15. Structure of Language • Surface structure • How we order the sentence • English “She at an apple” • Japanese “She an apple ate” • Deep structure • Underlying meaning of a sentence

  16. Language Development Children learn their native languages much before learning to add 2+2. We learn, on average (after age 1), 3,500 words a year, amassing 60,000 words by the time we graduate from high school. Time Life Pictures/ Getty Images

  17. When do we learn language? Babbling Stage:Beginning at 4 months, the infant spontaneously utters various sounds, like ah-goo. Babbling is not imitation of adult speech.

  18. When do we learn language? One-Word Stage:Beginning at or around his first birthday, a child starts to speak one word at a time and is able to make family members understand him. The word doggy may mean look at the dog out there.

  19. When do we learn language? Two-Word Stage:Before the 2nd year a child starts to speak in two-word sentences. This form of speech is called telegraphic speech because the child speaks like a telegram: “Go car,” means I would like to go for a ride in the car.

  20. When do we learn language? Longer phrases: After telegraphic speech, children begin uttering longer phrases (Mommy get ball) with syntactical sense, and by early elementary school they are employing humor. You never starve in the desert because of all the sand-which-is there.

  21. When do we learn language?

  22. Theories of Language Development • Imitation • Operant Learning • Inborn Universal Grammar (Critical Period)

  23. Imitation • Don’t they just listen to what is said around them and then repeat it? • But, sentences produced by children are very different from adult sentences • Cat stand up table • A my pencil • What the boy hit? • Other one pants • And children who can’t speak for physiological reasons learn the language spoken to them. • When they overcome their speech impairment they immediately use the language for speaking.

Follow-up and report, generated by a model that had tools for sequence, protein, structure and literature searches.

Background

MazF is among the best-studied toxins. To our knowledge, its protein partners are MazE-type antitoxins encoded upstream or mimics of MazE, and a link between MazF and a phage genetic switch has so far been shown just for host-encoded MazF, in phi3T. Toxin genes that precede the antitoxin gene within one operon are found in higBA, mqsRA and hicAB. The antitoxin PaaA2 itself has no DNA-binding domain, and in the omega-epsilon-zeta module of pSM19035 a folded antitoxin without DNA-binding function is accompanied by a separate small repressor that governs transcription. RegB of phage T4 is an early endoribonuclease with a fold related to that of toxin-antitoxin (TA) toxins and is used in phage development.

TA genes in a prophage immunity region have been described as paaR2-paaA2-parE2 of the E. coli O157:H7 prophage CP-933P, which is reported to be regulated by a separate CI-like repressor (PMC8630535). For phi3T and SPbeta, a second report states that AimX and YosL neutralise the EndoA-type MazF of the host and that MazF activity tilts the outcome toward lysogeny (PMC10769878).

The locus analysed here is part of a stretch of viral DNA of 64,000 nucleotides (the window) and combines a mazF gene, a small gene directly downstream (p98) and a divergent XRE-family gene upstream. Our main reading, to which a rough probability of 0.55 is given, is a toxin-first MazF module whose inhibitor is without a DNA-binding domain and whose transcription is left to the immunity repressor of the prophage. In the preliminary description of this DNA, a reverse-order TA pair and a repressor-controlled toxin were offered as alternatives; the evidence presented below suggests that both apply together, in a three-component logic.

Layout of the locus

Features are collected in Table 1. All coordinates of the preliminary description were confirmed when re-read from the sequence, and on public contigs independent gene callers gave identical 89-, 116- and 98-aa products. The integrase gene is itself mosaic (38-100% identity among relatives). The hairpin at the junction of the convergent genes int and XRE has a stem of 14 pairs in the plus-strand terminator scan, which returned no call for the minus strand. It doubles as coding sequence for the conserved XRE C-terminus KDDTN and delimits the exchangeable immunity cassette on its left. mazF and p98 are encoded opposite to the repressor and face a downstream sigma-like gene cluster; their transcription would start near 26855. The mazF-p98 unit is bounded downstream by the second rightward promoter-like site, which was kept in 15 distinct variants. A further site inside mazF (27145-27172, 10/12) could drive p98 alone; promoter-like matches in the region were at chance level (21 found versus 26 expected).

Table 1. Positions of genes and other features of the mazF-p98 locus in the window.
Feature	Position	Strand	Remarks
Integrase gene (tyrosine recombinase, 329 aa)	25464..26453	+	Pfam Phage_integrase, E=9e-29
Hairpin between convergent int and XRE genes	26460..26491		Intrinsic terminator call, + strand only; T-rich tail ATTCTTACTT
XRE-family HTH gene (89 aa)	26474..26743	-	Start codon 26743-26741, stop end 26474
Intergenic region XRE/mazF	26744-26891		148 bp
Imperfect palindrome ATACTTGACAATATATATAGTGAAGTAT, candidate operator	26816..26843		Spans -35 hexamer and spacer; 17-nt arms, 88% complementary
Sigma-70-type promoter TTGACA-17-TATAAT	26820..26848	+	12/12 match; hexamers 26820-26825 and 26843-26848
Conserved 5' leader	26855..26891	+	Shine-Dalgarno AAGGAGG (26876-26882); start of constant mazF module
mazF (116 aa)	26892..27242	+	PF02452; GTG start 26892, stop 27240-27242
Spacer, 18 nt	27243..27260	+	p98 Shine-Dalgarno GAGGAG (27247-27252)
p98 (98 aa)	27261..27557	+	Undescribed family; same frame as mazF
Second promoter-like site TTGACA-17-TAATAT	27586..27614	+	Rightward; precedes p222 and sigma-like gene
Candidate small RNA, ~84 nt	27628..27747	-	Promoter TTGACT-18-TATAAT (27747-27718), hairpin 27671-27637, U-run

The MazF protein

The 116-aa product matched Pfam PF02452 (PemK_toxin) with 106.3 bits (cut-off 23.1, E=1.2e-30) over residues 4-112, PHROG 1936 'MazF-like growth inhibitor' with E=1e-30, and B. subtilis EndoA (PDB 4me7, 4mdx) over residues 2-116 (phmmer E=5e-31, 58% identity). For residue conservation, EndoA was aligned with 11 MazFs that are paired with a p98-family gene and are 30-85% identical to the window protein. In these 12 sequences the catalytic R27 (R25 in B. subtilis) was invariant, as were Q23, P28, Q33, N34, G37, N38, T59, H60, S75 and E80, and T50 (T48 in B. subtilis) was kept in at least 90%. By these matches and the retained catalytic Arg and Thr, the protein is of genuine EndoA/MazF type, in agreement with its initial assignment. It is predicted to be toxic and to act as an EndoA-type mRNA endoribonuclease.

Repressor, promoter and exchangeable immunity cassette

24. Operant Learning • Language acquisition is governed by operant learning principles. • Association of the sight of things with sounds of words • Imitation of the words/syntax modeled by others • Reinforcement by the caregiver • This assumes that children are being constantly reinforced for using good grammar and corrected when they use bad grammar. (Seldom occurs) • Cute mistakes?

  25. Inborn Universal Grammar • Linguist Noam Chomsky • Language is almost entirely inborn • Language will naturally occur • We are hard wired to learn language • Children acquire untaught words and grammar at a rate too high to be explained through learning • Productivity? “I hate you daddy” • Many of the mistakes children make are from overgeneralizing grammar rules they picked up on • Universal Grammar • But children do learn their environment’s language

  26. Universal Grammar • All human languages have the same grammatical building blocks, such as nouns and verbs, subjects and objects, negations and questions. • We all start speaking mostly in nouns • We all follow language development stages

  27. Critical period • Language Machines - A one year old’s brain is statistically analyzing which syllables most often go together to discern word breaks • Can we keep it up? • No, childhood seems to represent a critical period for mastering certain aspects of language • Once the critical period is over mastering the grammar of another language is very difficult • When a young brain does not learn language its language-learning capacity never develops.